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Hey everyone, new forum member here. I will be starting to ride next week, and just purchased my first bike off of Craiglist for cheap, a 1998 750CC Honda Shadow ACE. The bike needs some repairs, and a new battery but should be functioning well otherwise. The original owner was an NY resident, im an NJ resident and the issue is that he did not have to title to the bike, though did have a registration and proved that the bike was not in fact stolen. I dealt with the owner's brother for the sake of the deal, as the owner was at work on Long Island at the time.

Without the title, I cannot register the bike in NJ, even with a bill of sale. The owner, displeased that I talked his brother $300 down from the initial price due to the fact the bike wasn't funtional when he showed it to me, and has more cosmetic damage than initially detailed, is refusing to try to get me the title and insists I have to get one from Broadway TItles, whom would charge me $895 to get a title made.

My question to you all is what should I do in this situation? THe brother is going to try to go to the DMV on friday to request a title, but otherwise I am not certain if there is another course of action I can take here.
 

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Gone
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Never buy a vehicle without a title.

Never. Ever.

That being said, there should be a procedure to go through to get a replacement title. Of course, it's probably required that it can only be sent to the owner listed on the title, and he would have to voluntarily sign it over to you. Technically, he could deny that the sale was ever completed and you are in possession of his property and demand it be returned.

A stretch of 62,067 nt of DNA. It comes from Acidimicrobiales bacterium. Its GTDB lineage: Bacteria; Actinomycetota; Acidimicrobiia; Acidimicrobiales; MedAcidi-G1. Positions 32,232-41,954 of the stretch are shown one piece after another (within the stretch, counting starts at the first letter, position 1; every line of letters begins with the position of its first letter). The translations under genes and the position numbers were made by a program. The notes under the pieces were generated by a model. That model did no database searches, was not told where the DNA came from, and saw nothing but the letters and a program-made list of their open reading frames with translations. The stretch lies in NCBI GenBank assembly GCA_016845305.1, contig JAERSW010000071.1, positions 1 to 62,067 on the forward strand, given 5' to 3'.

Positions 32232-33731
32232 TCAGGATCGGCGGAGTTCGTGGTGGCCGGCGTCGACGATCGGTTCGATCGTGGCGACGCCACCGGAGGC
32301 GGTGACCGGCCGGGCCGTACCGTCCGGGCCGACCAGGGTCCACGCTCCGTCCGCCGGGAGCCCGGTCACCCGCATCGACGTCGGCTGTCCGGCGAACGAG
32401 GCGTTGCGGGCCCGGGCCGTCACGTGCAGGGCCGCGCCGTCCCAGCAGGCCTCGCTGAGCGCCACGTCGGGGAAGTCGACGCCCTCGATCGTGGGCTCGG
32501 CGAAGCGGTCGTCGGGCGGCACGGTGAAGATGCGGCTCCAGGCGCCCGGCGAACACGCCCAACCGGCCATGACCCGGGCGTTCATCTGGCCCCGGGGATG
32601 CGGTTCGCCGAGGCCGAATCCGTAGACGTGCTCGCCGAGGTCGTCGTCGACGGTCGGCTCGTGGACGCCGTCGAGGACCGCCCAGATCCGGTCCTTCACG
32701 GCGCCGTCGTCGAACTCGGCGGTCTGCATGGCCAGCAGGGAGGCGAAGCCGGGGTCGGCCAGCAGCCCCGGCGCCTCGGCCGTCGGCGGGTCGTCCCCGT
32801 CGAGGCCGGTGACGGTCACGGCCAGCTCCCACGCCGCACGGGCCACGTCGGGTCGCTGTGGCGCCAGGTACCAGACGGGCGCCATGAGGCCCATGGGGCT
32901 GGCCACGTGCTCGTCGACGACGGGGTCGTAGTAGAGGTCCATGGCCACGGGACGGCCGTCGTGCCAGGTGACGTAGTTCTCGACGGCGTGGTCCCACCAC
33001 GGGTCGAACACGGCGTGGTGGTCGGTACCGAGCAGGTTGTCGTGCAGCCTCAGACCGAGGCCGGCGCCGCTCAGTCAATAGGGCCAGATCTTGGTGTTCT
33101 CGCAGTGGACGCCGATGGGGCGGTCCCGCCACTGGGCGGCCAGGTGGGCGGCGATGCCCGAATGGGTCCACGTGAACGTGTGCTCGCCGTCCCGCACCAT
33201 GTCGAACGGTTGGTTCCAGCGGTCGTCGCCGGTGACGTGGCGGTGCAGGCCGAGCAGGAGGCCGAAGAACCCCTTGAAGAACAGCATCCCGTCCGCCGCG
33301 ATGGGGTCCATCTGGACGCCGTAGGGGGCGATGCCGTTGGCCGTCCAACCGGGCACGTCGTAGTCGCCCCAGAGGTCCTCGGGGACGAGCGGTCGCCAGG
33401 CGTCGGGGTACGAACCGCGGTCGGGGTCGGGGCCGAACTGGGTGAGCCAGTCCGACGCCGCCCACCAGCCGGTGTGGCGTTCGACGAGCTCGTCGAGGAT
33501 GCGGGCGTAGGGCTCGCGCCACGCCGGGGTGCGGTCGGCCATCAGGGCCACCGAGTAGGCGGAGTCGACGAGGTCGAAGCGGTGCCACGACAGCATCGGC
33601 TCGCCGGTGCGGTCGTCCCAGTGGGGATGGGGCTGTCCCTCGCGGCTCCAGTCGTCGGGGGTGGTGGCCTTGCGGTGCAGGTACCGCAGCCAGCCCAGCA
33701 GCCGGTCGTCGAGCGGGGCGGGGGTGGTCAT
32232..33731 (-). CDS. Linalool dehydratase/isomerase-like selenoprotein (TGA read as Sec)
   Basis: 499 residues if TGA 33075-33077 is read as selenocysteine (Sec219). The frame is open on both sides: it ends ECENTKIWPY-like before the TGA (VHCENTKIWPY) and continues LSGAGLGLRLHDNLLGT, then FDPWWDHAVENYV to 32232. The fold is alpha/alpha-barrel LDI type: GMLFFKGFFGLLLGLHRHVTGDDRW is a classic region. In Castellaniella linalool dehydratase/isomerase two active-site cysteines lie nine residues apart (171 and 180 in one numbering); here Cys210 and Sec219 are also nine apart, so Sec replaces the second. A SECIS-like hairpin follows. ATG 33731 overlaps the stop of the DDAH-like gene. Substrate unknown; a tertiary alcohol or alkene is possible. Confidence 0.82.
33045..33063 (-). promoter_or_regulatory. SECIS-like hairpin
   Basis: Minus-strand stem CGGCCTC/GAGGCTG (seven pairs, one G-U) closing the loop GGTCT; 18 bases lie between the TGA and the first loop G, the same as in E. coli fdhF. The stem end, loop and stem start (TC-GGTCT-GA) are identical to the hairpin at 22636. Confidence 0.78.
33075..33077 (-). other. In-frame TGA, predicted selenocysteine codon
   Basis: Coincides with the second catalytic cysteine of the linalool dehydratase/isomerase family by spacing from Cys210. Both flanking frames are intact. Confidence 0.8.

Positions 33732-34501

Check with your local DMV to see what steps must be taken to replace the title.
 

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Discussion Starter #3
I do have a bill of sale signed by him, as well as a mostly filled out request form, and the registration for the bike. When I went to the DMV, they did say I flat needed the title, and would need him to get one from the NY DMV.
 

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Troublemaker
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The guy that has his name on the registration is the one that should get the title, then it can be signed over to you.
 

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Pale Rider
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I went through something similar with a motorcycle trailer... No clear title, as the seller bought it from a friend, and they never transferred the title -- to save a few dollars in fees and taxes.